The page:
1. To prepare the carrots: Bring a large pot of lightly salted water to a boil over high heat. Prepare an ice bath by filling a large bowl halfway with water and adding a tray of ice cubes.

2. Blanch the carrots in the boiling water until tender when pierced with a knife, about 3 minutes. Drain the carrots and plunge into the ice bath to shock them—i.e., stop the cooking and cool them quickly; this procedure also locks in the carrots’ bright color.

3. Drain the carrots again. You want them to be relatively uniform in size, so if any of them are large, cut them lengthwise in half.

4. To prepare the marinade: Put a small dry skillet over low heat, add the chilies, and toast for 1 or 2 minutes; shake the pan so they don’t scorch. Break up the chilies and put them in a food processor. Pulse the chilies to a coarse powder; you should have about ½ cup.

5. Put the chili powder in a mixing bowl, add the vinegar, garlic, cumin, kosher salt, black pepper, and red pepper flakes, and whisk until blended. While whisking, slowly pour in the oil in a stream until emulsified.

6. Put the carrots in a mixing bowl and pour in the chili mixture, tossing to coat. Marinate for 1 to 2 hours, tossing periodically. 7. To serve: Crisscross the carrots on a platter. Scatter the micro greens and almonds on top and season with flaked sea salt.

To Make the Almonds:
1. Put a cast-iron or other heavy skillet over medium-high heat. Pour in the oil, add the rosemary, and stir to infuse the flavor into the oil. Heat the oil to around 300°F. (You don’t need a thermometer for this: Drop an almond into the oil. When it sinks a bit, then floats right back to the top and starts sizzling, the oil is hot enough.) Once the oil is ready to go, add half of the almonds and cook, stirring constantly, until they are fragrant and toasted, 10 to 20 seconds. Using a slotted spoon, remove the almonds from the oil and drain on paper towels. Sprinkle them with the salt while they are hot. Repeat with the remaining almonds. Use to top the marinated olives or serve as a snack.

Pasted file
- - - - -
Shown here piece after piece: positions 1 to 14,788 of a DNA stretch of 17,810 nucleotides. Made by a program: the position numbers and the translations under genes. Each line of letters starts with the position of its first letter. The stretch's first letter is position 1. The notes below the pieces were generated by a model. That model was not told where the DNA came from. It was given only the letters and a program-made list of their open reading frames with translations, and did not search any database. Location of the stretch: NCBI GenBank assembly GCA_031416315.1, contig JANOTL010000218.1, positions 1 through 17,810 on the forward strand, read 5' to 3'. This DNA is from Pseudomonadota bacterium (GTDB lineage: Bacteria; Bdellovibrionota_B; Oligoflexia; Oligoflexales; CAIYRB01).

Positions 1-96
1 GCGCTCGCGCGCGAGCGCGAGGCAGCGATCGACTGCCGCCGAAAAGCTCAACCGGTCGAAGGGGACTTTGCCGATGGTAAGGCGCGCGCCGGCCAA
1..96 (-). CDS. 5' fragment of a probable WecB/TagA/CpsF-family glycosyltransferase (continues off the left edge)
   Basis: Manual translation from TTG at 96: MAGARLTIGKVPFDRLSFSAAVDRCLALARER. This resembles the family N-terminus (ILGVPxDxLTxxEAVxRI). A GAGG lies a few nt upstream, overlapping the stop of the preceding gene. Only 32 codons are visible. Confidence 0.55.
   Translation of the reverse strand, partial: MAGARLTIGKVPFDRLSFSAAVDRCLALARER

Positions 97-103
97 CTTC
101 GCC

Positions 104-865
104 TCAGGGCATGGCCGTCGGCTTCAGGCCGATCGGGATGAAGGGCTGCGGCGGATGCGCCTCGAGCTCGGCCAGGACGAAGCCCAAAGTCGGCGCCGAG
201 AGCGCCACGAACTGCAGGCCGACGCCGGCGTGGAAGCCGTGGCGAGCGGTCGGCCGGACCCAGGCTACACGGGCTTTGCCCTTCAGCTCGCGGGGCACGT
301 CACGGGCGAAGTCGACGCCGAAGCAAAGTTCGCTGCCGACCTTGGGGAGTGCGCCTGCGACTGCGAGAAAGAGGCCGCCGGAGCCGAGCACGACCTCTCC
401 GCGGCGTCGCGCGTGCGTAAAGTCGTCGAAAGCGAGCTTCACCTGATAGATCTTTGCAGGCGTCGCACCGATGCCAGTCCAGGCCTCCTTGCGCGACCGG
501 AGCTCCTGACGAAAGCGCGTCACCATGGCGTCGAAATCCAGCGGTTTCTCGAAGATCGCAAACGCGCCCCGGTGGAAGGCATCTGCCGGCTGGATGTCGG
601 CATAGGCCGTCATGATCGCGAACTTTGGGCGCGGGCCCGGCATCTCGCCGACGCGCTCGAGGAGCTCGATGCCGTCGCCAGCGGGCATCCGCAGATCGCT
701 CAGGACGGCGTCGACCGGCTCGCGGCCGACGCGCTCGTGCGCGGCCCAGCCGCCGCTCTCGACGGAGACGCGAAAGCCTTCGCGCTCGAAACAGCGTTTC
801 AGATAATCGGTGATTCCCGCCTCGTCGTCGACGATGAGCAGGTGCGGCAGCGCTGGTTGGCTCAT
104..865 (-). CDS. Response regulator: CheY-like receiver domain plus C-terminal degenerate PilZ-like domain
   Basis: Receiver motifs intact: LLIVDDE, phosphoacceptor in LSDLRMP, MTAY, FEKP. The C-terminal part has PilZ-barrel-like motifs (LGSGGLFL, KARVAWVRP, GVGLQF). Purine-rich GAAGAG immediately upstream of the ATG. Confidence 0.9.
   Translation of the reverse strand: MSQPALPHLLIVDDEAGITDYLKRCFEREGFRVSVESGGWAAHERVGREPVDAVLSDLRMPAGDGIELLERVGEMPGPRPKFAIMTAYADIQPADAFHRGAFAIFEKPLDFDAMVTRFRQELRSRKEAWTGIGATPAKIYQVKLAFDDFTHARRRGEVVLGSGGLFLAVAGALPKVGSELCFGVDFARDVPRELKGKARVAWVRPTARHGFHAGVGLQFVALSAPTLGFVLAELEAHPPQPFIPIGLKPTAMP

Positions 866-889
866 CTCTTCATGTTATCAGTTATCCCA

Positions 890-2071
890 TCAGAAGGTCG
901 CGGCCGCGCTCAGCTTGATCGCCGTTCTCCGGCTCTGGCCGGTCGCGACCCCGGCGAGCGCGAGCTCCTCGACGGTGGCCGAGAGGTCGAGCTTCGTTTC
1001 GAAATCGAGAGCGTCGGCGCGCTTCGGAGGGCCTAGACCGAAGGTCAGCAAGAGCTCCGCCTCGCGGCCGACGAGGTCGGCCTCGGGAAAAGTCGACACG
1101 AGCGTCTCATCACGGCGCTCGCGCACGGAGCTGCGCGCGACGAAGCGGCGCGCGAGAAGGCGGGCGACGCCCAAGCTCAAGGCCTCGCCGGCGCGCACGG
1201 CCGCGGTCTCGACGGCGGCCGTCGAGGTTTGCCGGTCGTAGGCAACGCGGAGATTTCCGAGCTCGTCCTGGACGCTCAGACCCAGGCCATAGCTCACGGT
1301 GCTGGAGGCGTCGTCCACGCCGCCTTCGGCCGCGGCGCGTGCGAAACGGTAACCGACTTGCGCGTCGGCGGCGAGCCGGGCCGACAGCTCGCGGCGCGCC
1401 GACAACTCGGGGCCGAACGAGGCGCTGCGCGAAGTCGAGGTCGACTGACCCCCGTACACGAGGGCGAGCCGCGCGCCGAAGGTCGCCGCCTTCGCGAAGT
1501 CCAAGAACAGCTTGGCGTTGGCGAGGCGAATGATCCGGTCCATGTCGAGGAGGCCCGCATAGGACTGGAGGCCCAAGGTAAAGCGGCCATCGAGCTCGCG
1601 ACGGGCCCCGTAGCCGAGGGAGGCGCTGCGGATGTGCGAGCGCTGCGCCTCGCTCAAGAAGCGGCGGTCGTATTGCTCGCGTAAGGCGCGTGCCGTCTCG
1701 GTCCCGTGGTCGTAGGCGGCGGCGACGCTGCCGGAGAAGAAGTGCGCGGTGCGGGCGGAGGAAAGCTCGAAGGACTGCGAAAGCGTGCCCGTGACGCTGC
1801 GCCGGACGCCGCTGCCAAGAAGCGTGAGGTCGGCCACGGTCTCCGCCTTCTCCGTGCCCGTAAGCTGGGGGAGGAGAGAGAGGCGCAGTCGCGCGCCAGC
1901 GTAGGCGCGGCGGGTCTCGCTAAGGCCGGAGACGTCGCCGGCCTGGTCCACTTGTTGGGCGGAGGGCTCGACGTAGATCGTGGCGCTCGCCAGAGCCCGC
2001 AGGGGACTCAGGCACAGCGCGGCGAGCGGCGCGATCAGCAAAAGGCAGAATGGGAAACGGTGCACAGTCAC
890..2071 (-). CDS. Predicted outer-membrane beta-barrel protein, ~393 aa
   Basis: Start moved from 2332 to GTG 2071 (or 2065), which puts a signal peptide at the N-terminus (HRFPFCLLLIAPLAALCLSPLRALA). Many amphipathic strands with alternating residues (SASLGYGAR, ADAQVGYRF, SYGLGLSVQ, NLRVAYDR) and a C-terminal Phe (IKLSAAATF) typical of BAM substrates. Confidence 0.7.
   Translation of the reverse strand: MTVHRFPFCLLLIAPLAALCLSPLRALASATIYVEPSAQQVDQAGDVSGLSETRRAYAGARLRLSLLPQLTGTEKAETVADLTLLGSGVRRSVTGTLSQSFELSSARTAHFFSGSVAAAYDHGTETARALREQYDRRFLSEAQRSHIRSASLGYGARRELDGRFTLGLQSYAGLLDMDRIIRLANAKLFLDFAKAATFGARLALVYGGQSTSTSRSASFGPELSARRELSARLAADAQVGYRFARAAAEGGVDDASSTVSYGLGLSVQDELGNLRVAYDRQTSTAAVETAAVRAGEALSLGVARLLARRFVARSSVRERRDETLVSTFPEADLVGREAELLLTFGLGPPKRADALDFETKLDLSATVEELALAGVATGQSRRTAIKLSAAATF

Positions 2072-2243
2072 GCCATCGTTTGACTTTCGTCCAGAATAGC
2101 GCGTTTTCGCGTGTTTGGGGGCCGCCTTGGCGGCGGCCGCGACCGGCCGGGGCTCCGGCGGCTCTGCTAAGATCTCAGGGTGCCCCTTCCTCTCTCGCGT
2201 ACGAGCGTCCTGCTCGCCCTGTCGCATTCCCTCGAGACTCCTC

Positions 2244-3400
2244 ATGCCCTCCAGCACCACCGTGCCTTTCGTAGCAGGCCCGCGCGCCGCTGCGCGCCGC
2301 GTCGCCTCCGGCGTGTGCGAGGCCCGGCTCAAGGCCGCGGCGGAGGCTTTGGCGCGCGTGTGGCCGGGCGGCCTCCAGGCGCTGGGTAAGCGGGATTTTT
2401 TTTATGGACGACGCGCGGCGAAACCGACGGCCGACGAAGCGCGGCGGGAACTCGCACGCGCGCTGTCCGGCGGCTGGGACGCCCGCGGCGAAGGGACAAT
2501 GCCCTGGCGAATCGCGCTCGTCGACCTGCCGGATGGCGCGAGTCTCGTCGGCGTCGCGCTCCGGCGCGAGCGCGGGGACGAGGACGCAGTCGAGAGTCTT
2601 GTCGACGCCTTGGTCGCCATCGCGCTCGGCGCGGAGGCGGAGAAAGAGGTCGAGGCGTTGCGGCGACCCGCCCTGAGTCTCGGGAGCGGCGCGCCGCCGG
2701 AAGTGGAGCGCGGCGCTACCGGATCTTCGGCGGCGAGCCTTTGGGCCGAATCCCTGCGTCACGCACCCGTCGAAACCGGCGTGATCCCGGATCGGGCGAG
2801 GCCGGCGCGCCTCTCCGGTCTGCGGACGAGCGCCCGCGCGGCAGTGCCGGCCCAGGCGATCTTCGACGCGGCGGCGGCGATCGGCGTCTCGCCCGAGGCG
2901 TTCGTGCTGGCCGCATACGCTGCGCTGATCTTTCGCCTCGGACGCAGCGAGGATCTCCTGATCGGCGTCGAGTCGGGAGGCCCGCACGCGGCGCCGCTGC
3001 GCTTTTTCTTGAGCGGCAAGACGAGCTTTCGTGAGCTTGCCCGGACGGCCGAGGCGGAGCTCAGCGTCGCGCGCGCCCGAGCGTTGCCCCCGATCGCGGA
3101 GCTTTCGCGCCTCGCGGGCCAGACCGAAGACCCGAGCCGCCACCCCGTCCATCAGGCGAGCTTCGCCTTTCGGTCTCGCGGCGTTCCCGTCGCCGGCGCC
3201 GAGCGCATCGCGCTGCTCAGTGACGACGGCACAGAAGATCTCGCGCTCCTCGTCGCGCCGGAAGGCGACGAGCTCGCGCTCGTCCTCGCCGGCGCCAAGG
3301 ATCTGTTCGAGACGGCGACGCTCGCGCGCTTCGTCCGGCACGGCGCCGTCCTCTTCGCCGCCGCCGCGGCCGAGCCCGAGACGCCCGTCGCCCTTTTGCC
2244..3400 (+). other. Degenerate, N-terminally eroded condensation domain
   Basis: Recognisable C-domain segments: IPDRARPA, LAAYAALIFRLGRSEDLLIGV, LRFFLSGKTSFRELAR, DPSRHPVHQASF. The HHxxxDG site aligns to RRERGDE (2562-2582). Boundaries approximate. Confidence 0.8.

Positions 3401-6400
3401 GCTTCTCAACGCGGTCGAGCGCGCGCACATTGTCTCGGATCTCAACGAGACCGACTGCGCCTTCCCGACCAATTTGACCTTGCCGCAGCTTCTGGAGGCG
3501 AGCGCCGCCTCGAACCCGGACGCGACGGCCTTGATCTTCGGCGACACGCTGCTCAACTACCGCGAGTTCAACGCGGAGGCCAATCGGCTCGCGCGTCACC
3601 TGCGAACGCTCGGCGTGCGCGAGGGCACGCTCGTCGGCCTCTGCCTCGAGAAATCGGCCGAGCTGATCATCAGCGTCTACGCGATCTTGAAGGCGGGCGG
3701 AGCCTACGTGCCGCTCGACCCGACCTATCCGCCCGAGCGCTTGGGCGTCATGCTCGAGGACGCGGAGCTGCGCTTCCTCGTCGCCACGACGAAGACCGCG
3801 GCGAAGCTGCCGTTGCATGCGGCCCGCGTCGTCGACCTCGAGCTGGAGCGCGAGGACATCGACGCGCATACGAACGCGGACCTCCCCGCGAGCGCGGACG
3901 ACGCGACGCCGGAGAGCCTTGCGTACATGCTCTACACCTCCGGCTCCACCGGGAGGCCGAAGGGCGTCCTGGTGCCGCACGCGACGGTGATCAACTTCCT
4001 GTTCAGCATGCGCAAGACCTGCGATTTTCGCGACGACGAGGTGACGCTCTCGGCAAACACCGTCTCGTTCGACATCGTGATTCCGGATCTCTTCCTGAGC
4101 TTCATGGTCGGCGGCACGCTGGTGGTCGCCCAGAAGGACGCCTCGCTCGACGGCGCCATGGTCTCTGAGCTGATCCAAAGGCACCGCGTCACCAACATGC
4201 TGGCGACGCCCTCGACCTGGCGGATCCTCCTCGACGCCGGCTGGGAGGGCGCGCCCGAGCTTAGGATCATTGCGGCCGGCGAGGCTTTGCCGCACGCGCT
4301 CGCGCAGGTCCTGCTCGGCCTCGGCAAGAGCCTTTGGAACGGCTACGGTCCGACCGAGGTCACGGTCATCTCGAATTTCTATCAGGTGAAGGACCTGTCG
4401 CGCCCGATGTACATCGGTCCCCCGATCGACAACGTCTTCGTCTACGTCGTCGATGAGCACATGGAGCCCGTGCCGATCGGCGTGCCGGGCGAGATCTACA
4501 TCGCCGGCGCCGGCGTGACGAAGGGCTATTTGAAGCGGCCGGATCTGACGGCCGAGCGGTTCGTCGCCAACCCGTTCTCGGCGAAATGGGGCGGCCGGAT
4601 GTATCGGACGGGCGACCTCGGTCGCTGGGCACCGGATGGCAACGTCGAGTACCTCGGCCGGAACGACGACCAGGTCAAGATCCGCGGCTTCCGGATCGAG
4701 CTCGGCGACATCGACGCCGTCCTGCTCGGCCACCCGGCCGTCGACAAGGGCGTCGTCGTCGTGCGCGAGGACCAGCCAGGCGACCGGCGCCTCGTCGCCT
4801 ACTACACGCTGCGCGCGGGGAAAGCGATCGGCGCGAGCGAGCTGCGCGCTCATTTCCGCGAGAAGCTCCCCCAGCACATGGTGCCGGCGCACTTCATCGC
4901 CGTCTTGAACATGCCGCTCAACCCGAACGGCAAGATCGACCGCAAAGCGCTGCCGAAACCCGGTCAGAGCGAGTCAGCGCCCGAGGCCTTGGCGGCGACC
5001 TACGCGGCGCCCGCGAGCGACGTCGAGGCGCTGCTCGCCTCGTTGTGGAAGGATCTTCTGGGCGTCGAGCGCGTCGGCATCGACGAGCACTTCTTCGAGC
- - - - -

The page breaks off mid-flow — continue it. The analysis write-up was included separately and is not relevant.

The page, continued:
Want to Up those Seratonin Levels?

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Want to Up those Seratonin Levels?

Do you suffer from depression?  Dr. Michael Greger teaches us the scientific reasoning behind why eating an animal-protein diet may exacerbate the problem.

Tryptophan is one amino among many found in proteins, and they compete with one another for transport across the blood-brain barrier into the brain. And since tryptophan is present in most animal proteins in relatively small quantities, it gets muscled out of the way. If you eat plant foods, though, the carbohydrates cause a release of insulin, which causes your muscles to take up the nontryptophan amino acids as fuel, and so your tryptophan can be first in line for brain access.

Animal foods can even make things worse: “When tryptophan is ingested as part of a protein meal, serum tryptophan levels rise, but brain tryptophan levels decline due to the mechanism of transport used by tryptophan to cross the blood–brain barrier.”